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The association between home smoking restrictions and youth smoking behaviour: a review
  1. Kristen Emory,
  2. Nazmus Saquib,
  3. Elizabeth A Gilpin,
  4. John P Pierce
  1. Cancer Prevention and Control Program, Moores UCSD Cancer Center, University of California, San Diego, California, USA
  1. Correspondence to John P Pierce, Cancer Prevention and Control Program, Moores UCSD Cancer Center, 3855 Health Sciences Drive, #0901, La Jolla, California 92093-0901, USA; jppierce{at}ucsd.edu

Abstract

Objective To review the available evidence for home smoking restrictions as a useful tool in the prevention of youth smoking and to make recommendations for further research.

Methods A PubMed search (1 January 1990 to 26 January 2010) identified studies involving youth ≤18 years using extensive criteria. In all, 17 studies relating home smoking restrictions to youth smoking behaviour were identified from titles, abstracts or the full text, as required. Two additional articles were identified by other means. KE, NS and EG reviewed the studies. Differences in interpretation were resolved by discussion, with EG making final decisions.

Results Of the 19 studies, 16 (including the only 2 longitudinal studies) showed at least marginal evidence of an association of home smoking restrictions with reduced adolescent smoking behaviours. Associations were more numerous and stronger in homes without adult smokers, suggesting that even in such homes, lack of a smoke-free home may undermine the parental value of not smoking. Definitions of home smoking rules, adolescent smoking behaviour and treatment of parental smoking varied widely among studies. It is recommend that future research: (1) contrast smoke-free homes for everyone against all others, (2) included an interaction term for parental smoking and having a smoke-free home, or conduct separate analyses for homes with and without parental or other adults smokers and (3) examine early and later stages of the smoking uptake continuum.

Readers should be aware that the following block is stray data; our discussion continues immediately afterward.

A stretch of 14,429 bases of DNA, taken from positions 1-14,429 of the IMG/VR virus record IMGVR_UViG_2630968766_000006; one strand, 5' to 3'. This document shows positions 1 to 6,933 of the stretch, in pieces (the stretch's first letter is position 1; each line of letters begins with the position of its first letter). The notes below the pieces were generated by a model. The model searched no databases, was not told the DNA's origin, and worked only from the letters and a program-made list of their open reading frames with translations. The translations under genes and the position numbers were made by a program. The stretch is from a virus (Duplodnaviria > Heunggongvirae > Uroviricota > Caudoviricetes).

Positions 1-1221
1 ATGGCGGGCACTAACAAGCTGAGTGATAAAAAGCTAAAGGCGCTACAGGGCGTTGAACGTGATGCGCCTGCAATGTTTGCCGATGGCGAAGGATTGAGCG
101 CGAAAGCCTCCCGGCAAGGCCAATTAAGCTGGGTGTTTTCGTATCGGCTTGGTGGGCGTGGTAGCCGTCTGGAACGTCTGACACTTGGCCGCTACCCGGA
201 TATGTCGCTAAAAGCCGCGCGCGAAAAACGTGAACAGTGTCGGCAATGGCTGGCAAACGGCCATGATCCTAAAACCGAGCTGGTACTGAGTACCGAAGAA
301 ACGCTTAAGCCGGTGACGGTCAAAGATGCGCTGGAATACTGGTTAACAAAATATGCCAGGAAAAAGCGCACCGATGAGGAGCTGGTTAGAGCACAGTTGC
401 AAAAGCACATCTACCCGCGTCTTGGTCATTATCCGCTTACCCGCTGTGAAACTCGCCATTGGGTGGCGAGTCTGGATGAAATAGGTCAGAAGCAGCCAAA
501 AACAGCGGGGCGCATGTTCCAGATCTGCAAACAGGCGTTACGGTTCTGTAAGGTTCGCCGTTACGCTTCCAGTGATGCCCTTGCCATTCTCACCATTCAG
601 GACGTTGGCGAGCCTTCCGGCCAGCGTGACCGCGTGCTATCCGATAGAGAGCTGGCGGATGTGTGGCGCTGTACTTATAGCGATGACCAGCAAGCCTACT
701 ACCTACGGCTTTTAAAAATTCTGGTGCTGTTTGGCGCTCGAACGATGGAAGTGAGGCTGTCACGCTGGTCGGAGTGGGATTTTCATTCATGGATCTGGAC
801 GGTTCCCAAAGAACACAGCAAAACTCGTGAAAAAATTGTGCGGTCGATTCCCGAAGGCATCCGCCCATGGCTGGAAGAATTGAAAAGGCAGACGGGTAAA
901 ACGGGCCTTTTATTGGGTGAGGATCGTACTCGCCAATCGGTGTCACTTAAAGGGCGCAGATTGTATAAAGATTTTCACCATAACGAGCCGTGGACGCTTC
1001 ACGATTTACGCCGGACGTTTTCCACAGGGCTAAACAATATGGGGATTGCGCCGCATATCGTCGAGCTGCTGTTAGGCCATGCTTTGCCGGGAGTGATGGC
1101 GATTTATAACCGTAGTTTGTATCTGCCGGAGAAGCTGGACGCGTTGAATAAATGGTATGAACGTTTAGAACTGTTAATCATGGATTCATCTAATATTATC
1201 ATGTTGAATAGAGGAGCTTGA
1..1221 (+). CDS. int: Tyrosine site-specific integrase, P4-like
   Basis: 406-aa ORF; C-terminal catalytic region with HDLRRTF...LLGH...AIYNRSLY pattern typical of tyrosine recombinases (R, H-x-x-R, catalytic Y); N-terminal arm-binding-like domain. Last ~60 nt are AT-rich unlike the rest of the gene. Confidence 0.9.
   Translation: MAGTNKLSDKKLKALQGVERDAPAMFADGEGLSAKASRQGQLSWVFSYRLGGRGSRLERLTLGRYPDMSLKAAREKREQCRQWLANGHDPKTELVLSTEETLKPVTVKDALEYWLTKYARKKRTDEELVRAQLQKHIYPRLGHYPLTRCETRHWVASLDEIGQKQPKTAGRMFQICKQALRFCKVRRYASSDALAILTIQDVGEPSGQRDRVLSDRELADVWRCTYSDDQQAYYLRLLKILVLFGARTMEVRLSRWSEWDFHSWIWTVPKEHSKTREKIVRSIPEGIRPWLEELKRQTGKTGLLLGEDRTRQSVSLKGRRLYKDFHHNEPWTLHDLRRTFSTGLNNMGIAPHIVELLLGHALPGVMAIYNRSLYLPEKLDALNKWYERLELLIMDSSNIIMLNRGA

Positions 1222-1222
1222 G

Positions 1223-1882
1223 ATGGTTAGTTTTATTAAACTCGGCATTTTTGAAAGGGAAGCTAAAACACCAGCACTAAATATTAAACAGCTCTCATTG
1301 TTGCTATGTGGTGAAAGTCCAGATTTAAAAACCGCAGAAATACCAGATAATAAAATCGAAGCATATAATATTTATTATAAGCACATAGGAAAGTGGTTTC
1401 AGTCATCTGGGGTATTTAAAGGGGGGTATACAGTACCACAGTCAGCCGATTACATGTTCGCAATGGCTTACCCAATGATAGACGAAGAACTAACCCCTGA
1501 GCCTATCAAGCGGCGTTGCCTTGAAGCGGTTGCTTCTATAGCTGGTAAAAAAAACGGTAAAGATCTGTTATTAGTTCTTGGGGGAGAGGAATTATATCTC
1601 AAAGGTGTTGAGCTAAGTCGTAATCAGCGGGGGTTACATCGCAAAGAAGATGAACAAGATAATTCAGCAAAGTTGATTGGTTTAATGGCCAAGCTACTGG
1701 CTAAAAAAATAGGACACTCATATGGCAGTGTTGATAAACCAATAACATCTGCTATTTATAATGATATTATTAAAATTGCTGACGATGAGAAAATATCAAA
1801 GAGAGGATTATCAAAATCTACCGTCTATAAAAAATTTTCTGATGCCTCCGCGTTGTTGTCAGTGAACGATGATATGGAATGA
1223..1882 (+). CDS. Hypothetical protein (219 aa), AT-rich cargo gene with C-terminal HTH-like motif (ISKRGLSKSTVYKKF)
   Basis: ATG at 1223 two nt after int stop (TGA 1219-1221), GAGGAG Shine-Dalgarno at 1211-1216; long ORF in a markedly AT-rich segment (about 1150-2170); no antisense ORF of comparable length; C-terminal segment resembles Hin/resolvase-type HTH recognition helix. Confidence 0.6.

Conclusions While the evidence is suggestive for an effect, further research is required to establish causality using longitudinal designs.

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Footnotes

  • Funding This work was supported by the Tobacco-Related Disease Research Program grant 15RT-0238 from the University of California. Some of the work for this review was undertaken by one of the authors (EAG) as part of the preparation of a chapter for a handbook on smoke-free policies for the IARC.

  • Competing interests None.

  • Provenance and peer review Not commissioned; externally peer reviewed.

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